Consequences to pedestrian bridge

"...if the walking bridge becomes the reality, I feel there must be some plan in place to remove the old bridge."

As a young parent, I was encouraged to teach my children that they had to accept the consequences of their actions.

We have seen this lately in that when Canada imposes travel bans on certain Russian citizens, they retaliate by banning our agricultural products. We are being encouraged (almost bullied) by Trail City Hall to vote Yes in the upcoming referendum for the walking bridge.

I agree that there needs to be some sort of structure there across the river. However, if the walking bridge becomes the reality, I feel there must be some plan in place to remove the old bridge. If there is a new walking bridge built that we hope will help to showcase our city, the deterioration and collapse of the old bridge would certainly become an eyesore as well as an environmental catastrophe.

There must be a plan in place to remove the old bridge before it becomes our tailings-pond disaster. City Hall has a responsibility to inform the public of these costs and plan to remove the old bridge before asking us to support the walking bridge.

As well, we are told by City Hall that the walking bridge, if acted upon at this time, will not impact our local tax bills. The funds will come from the Provincial Gas Tax fund and from regional funds.

Do we not all pay into those funds? Those are our tax dollars that in a round-about-way are going to fund this walking bridge. As well, the cost of the walking bridge has gone up because of the tax dollars that have been used by the city to produce glossy brochures to promote the walking bridge, electronic advertising at the arena, and displays at the market etc.

This walking bridge impacts us in many ways and we will all have to deal with the consequences.

Arlene Champman


Just Posted

Participation by women in West Kootenay/Boundary elections up slightly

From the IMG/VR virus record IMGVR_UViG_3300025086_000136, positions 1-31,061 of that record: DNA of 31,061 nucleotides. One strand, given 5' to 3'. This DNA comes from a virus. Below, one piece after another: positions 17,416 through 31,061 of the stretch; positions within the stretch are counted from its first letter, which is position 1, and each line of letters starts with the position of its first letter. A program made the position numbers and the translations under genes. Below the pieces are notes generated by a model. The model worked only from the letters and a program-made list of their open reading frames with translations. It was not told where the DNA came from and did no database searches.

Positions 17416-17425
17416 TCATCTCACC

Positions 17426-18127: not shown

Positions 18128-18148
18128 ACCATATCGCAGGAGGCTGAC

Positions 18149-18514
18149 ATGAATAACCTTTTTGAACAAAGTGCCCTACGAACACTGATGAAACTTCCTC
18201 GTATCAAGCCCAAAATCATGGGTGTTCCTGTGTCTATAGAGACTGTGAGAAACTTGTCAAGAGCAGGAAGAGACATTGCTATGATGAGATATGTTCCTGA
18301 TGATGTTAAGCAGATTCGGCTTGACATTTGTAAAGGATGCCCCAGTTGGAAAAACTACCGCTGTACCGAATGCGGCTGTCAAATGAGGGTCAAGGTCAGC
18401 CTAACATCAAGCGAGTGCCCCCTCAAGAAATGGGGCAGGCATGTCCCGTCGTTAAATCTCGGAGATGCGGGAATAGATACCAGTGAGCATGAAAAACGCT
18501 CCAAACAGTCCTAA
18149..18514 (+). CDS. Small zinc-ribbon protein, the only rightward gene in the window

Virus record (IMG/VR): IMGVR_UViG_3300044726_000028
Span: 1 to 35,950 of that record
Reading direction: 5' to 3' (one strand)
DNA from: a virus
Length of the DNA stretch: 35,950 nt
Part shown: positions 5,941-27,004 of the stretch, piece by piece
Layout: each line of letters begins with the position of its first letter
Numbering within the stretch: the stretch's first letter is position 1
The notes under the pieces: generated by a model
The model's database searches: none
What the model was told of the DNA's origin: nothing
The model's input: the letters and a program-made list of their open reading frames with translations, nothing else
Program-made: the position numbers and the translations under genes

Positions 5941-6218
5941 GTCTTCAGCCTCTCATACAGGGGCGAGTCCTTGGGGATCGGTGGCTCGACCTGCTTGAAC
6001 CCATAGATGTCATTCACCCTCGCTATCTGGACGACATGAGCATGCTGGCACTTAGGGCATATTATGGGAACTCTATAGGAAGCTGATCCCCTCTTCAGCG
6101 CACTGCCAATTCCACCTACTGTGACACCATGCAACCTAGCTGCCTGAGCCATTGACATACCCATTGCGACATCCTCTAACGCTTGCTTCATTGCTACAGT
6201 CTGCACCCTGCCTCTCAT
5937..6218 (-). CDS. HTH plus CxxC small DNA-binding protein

More running than in 2014, but about same number as 2011

More burning prohibitions rescinded in southeast B.C.

Category 2 and 3 fires will be permitted in Southeast Fire Centre as of 1p.m. on Wednesday.

High hazard in downtown Trail

Roofing work began early Monday morning at the Trail Memorial Centre

Second hospital road part of plan, says Trail mayor

Martin was in Whistler last week for the UBCM; city delegation met with health ministry

Syringa Creek fire ‘being held’

The fire has burned 3193 hectares; Deer Creek fire is also “being held” at 3849 hectares

B.C. RCMP turn to Const. Scarecrow to shock speeders into slowing down

New addition will watch over drivers from a Coquitlam median for first-of-its-kind pilot in Canada

B.C. home to 1/3 of Canada’s overdose deaths in first 3 months of the year

There were 1,036 overdose deaths in the first three months of the year, with 94 per cent accidental

B.C. candidate moves from hospice care to council race

He beat terminal cancer twice and entered hospice when he decided to run for council.

Canadian tobacco exec pushes back against vaping health concerns

A warning from Interior Health about the unknown health risks of vaping is getting a partial rebuke

Ministry of Agriculture commits $300,000 to help B.C. farmers obtain land

B.C. Land Matching Program supports access to affordable farmland for young farmers

Canadian air force short 275 pilots

Attrition outpaces recruitment and training claims Air Force

Teacher suspended after physically shushing, saying ‘shut up’ to student

Grade 5 student reported feeling ‘confused and a little scared’

A B.C. society helps to reforest Crown land after wildfires

Forest Enhancement Society of BC focuses on wildfire mitigation and the reforestation

B.C. marijuana workers may face U.S. border scrutiny

Cannabis still illegal federally south of the border

Most Read